America’s Food Culture

A great except from Animal, Vegetable, Miracle by Barbara Kingsolver (which I will fully review as soon as I’m done):

“…We have yet to come up with a strong set of generalized norms, passed down through families, for savoring and sensibly consuming what our land and climate give us. We have, instead, a string of fad diets convulsing our bookstores and bellies, one after another, at the scale of the national best seller. Nine of out ten nutritionists (unofficial survey) view this as evidence that we have entirely lost our marbles. A more optimistic view might be this: these sets of mandates captivate us because we’re looking hard for a food culture of our own. A profit-driven food supply industry had exploded and nutritionally bankrupted our caloric supply, and we long for a Food Leviticus to save us from the sinful roll of cheap fats and carbs.

What the fad diets don’t offer, though, is any sense of national and biological integrity. A food culture is not something that gets sold to people. It arises out of a place, a soil, a climate, a history, a temperament, a collective sense of belonging. Every set of fad-diet rules is essentially framed in the negative, dictating what you must give up. Together they’ve helped us form powerfully negative associations with the very act of eating. Our most celebrated models are starved people. But we’re still an animal that must eat to live. To paraphrase a famous campaign slogan: it’s biology, stupid. A food culture of anti-eating is worse than useless.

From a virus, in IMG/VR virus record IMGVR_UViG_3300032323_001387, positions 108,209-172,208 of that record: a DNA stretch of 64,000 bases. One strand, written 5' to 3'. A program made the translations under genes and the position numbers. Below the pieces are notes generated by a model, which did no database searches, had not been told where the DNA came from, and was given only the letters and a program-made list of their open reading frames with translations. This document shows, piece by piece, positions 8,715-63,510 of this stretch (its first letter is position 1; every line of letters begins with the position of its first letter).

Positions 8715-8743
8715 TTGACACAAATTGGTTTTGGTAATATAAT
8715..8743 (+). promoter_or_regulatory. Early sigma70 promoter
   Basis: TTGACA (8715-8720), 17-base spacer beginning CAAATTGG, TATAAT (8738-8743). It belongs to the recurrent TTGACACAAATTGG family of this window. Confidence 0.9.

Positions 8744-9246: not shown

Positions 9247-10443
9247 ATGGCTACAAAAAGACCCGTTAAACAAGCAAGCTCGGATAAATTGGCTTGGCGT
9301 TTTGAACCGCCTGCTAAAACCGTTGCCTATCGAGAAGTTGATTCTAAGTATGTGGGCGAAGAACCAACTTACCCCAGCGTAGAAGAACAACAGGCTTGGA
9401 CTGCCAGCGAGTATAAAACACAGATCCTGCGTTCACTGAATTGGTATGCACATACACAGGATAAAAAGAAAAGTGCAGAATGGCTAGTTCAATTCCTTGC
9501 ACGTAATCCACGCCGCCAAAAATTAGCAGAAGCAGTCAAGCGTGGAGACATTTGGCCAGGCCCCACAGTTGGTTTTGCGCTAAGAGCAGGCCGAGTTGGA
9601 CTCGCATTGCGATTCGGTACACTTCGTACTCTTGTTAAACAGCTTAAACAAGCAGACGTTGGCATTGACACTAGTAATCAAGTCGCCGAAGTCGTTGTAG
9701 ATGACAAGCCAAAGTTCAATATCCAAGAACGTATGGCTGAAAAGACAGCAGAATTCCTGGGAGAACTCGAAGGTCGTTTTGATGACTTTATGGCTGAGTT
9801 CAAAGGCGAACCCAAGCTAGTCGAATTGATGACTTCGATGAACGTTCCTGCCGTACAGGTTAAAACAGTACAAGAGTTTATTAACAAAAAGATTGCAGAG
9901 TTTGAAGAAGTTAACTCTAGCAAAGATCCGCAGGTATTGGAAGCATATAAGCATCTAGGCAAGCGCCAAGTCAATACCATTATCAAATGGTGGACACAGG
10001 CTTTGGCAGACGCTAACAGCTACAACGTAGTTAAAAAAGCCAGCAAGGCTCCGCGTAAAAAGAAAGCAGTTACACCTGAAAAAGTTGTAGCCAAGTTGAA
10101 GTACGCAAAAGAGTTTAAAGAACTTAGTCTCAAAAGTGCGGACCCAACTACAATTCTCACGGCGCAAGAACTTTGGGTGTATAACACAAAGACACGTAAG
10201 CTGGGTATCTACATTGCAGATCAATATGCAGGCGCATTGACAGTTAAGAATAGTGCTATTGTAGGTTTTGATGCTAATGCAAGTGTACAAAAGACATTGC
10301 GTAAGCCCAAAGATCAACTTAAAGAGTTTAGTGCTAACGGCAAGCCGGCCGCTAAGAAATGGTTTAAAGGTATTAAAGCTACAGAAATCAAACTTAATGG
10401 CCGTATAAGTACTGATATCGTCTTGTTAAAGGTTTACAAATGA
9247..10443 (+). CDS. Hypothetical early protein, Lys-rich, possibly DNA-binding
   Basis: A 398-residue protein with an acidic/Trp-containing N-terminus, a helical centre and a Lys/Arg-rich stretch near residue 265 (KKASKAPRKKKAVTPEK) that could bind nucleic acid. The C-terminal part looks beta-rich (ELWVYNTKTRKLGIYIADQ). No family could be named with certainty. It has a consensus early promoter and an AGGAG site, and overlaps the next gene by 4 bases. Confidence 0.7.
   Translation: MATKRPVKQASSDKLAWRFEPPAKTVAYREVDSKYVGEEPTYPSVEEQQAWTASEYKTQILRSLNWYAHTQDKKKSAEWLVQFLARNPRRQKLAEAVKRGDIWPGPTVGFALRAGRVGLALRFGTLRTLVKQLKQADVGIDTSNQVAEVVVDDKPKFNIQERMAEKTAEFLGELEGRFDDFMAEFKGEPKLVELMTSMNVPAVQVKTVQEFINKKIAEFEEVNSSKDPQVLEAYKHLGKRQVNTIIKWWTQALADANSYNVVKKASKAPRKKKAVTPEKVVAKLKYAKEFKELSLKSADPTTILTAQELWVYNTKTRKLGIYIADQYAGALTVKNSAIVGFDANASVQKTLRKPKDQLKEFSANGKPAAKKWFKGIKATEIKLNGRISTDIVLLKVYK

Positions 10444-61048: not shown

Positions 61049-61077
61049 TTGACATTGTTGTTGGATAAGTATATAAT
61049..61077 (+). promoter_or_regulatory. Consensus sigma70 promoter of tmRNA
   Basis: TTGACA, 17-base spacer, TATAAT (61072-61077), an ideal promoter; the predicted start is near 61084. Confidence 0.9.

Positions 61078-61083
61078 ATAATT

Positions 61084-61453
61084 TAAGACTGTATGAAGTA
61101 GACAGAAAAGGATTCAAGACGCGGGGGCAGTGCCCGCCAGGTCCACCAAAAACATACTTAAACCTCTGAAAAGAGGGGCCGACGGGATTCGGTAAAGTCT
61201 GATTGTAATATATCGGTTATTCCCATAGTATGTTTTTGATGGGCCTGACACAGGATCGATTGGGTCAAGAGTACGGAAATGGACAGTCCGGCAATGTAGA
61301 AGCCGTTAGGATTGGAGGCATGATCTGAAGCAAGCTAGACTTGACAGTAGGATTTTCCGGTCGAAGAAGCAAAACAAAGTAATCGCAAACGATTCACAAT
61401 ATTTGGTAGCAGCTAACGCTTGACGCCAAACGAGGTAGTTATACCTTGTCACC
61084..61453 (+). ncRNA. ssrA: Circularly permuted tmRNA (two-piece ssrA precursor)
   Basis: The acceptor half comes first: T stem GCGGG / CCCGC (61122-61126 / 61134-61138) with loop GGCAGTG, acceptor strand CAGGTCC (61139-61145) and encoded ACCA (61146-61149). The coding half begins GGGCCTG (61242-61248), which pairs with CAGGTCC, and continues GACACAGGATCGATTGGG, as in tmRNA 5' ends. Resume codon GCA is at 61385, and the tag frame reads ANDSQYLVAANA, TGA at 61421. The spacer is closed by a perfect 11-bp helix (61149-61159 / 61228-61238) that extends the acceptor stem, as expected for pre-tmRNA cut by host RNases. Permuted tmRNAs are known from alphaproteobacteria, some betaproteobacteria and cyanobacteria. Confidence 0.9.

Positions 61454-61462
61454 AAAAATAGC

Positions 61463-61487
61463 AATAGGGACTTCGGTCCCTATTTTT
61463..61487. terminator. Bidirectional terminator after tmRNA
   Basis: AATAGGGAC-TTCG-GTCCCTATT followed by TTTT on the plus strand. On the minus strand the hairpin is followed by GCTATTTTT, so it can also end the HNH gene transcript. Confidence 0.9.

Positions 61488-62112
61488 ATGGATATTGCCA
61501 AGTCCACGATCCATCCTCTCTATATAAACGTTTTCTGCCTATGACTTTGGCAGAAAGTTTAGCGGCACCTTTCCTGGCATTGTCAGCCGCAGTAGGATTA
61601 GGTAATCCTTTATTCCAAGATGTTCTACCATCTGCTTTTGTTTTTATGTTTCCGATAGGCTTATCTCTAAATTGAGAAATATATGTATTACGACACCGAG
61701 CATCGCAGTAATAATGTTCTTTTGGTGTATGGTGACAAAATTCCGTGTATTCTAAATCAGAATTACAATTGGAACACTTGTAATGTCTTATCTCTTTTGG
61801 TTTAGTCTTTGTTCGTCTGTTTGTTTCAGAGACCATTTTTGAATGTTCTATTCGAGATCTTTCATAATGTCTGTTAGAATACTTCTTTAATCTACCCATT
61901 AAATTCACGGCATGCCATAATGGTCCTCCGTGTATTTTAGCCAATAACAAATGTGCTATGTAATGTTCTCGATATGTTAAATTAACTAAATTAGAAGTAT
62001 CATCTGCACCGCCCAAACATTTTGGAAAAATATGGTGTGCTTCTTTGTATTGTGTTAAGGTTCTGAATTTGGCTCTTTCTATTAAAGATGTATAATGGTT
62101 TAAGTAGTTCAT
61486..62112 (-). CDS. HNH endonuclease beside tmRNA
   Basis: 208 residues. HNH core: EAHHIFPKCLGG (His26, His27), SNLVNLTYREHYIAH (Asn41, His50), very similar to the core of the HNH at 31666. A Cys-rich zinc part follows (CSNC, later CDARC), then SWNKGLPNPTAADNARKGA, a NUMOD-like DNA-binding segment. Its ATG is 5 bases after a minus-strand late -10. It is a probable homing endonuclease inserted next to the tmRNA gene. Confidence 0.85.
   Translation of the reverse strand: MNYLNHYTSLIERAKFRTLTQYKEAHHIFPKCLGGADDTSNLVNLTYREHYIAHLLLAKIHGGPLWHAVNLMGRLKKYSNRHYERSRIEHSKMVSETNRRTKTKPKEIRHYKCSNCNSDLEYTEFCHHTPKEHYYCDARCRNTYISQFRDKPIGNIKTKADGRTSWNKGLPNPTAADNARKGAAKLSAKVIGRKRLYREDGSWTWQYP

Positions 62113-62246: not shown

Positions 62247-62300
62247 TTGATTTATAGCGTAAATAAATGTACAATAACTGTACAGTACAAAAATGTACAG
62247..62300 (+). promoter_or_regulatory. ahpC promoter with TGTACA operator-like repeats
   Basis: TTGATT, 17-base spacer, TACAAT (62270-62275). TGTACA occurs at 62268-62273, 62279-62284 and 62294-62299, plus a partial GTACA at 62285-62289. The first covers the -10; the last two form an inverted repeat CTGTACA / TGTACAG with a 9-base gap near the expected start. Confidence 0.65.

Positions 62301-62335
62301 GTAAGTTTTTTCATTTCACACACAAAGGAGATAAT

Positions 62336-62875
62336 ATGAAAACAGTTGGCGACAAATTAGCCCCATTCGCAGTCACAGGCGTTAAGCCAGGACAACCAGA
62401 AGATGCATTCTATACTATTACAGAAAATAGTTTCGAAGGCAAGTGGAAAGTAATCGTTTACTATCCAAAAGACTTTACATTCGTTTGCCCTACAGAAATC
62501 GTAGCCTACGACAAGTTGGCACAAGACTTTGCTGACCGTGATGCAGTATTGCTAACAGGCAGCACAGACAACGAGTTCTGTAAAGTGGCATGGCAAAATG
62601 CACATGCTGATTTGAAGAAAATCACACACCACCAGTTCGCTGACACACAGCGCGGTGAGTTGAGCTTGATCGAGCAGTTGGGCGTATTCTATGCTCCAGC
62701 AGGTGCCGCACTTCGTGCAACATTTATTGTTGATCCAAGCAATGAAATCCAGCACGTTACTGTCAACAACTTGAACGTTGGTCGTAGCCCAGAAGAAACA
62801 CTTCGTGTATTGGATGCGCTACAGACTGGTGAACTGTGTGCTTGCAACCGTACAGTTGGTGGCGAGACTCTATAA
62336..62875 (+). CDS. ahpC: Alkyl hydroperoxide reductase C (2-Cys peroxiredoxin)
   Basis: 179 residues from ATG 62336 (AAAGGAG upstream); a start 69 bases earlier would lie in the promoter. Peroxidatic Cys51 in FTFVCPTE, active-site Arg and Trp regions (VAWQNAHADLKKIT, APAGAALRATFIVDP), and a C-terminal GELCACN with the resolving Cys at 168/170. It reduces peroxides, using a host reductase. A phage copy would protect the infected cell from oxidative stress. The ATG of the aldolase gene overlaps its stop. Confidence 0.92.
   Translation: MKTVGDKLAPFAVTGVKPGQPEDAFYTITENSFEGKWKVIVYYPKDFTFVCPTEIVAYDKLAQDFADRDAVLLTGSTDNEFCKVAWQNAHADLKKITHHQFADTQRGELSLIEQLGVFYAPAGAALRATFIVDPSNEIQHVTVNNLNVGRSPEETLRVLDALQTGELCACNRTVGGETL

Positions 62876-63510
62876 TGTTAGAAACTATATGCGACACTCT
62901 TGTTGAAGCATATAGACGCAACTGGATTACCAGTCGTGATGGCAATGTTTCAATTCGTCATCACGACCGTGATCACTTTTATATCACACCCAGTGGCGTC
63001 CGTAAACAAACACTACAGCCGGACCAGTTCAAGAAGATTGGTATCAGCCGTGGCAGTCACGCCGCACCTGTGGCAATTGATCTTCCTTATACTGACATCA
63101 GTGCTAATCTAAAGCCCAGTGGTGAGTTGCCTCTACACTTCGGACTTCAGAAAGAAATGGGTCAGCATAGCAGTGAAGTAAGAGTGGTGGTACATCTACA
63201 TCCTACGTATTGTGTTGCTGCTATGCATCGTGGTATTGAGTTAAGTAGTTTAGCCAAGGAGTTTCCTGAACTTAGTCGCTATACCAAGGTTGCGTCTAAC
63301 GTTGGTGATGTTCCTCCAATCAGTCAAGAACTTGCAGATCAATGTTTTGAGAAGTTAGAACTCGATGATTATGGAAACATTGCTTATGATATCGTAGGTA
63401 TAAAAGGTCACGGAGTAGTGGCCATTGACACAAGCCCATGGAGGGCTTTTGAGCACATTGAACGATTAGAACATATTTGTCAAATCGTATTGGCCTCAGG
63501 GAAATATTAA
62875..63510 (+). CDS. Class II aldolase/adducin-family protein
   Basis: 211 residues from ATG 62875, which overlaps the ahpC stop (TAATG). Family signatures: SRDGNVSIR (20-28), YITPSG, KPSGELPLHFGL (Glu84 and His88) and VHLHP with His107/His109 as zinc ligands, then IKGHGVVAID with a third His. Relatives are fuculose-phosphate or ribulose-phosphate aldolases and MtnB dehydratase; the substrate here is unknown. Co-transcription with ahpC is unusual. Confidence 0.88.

We’re a nation with an eating disorder, and we know it. The multiple maladies caused by bad eating are taking a dire toll on our health–most tragically for our kids, who are predicted to be this country’s first generation to have a shorter life expectancy then their parents. That alone is enough to give us pause. So is a government policy that advises us to eat more fruits and vegetables, whole doling out subsidies not to fruit and vegetable farmers, but to commodity crops destined to become soda pop and cheap burgers.

At its heart, a genuine food culture is an affinity between people and the land that feeds them. Step one, probably, is to live on the land that feeds them, or at least on the same continent, ideally the same region. Step two is to be able to countenance the ideas of “food” and “dirt” in the same sentence, and three is to start poking into one’s supply chain to learn where things are coming from.”

What do you think — does American have a viable food culture? Where does it go awry? Where does it work?

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